On March 14th, 2019, the State Administration of Taxation and Ministry of Finance issued two public notices regarding tax residency rules that retroactively took effect from January 1, 2019 onwards. These notices, entitled the “Determination of Duration of Residency for Individuals Without Domicile Inside the PRC” and “Determination of Source of Income, Taxable Income and Tax Liability for Individuals Without Domicile Inside the PRC”, serve to clearly illustrate the implementation of Individual Income Tax laws for nonresident individuals. The most notable effect is the new six year tax residency rule.
As previously announced in the IIT law and Implementation Details, non residents who are present in the country for more than 183 days in a tax year are considered tax residents under PRC law. The new rules now clarify that individuals who do not spend more than six consecutive tax years in the PRC will not be taxed on offshore income, as long as that income has not been generated through any PRC entity. Traveling overseas for more than 30 consecutive days resets the six year period, and time spent in the country is counted from the following tax year onwards. This essentially provides extra flexibility for individuals who need to spend extended periods of time in China but earn income overseas, since the necessity of 30 day travel arises every six years rather than every five.
If an individual residing in the PRC spends six years in the country without traveling overseas for over 30 days at least once, they would face tax liabilities on their worldwide income.
The six year period is counted from 2019 onwards. Time spent in 2018 or earlier will not be counted under the rule. This means that 2024 is the earliest that an individual would be considered an effective tax resident under the clarified rules, which also extend the definition of a single day to 24 hours.
Under the new rules, non residents are only considered to be present in the PRC for a day if they spend 24 consecutive hours. Previously, any part of a day spent in the country was counted towards tax residency, including days spent traveling. Individuals that regularly travel from Hong Kong to the PRC for work will no longer have to worry about days of departure and arrival counting towards the 183 day threshold that triggers tax residency and Individual Income Tax liability.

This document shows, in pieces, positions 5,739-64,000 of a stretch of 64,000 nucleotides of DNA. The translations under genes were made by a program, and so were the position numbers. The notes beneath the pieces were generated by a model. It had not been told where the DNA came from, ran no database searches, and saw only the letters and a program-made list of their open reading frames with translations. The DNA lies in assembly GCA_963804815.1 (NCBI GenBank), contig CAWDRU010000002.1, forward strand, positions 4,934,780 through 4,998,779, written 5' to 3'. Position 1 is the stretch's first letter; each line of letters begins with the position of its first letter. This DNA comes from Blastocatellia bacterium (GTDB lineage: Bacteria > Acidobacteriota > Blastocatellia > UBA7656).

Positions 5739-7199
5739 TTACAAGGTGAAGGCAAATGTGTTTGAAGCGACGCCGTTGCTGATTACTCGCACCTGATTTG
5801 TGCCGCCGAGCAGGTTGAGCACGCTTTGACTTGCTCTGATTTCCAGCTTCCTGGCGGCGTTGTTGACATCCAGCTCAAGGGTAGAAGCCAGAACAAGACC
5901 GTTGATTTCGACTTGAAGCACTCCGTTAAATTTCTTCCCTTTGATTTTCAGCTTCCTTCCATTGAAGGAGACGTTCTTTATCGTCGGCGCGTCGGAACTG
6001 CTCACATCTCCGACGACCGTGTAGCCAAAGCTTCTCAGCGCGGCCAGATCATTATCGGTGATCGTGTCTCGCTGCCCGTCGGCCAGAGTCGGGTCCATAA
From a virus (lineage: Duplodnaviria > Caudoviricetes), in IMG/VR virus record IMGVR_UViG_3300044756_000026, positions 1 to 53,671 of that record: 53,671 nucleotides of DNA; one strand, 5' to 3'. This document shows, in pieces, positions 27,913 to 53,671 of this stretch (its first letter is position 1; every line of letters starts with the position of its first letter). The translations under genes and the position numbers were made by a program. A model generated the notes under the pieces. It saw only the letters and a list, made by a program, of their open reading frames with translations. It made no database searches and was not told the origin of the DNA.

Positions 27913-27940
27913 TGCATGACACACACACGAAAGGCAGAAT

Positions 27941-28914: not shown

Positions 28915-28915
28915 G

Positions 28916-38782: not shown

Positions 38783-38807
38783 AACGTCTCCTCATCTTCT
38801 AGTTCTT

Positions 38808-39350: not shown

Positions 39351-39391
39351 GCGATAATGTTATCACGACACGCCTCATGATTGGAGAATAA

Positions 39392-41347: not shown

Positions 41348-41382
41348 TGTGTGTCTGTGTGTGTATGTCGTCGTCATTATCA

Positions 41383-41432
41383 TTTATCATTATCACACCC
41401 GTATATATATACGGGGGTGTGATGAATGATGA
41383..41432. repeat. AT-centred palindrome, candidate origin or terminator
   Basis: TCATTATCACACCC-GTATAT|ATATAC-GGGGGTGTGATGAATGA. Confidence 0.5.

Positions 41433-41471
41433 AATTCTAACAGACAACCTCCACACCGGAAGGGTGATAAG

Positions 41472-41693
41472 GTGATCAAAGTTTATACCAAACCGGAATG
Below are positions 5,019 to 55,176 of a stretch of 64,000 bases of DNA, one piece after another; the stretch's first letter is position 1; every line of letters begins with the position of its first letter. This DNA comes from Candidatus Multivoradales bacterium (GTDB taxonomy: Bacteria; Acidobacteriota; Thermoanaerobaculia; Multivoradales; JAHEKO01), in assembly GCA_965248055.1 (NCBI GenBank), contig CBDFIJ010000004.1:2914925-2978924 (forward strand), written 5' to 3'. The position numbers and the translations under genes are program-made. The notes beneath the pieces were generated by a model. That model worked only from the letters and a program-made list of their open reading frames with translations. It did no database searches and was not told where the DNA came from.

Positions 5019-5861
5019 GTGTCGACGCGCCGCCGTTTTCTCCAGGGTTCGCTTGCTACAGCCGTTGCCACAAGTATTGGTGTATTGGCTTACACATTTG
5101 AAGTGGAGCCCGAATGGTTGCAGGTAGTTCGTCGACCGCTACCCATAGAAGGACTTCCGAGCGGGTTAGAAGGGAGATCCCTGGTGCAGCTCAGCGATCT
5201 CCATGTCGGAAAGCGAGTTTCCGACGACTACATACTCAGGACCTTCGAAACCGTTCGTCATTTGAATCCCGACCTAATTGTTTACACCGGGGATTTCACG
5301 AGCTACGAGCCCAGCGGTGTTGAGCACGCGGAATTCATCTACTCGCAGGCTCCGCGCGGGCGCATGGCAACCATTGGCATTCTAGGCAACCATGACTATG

Individuals who work in organizations that have branches in the PRC and overseas can now split their tax burden based on the number of days spent within the country in a given month if they hold positions in multiple branches. Previously, such individuals had to allocate income from their overall salary based on days spent in China, while the new rules assess PRC taxes only on income earned while present in China. This could potentially put such individuals in a lower tax bracket and lower their overall tax burden.
The calculations for determining the exact tax liability vary on a case by case basis. Bonus and stock income will be assessed separately from regular income and is not eligible for deductions. Such income can be split into six instalments per year, to be taxed at the marginal monthly rate.
Tax Residency at a glance
If you are a non-domiciled person earning income in the PRC, these new rules could considerably change your tax bill, particularly if you travel to China regularly. It is important to review the provenance of your income if you work in the PRC, and carefully track the number of days spent in the country. Please don’t hesitate to contact us with any enquiries regarding calculating your PRC income tax burden or reviewing your work and residence arrangements. Under the new rules, tax liability varies greatly depending on individual circumstances. Our experienced, bilingual tax team is well versed in local practices and we can help you plan for smooth sailing when working in China.
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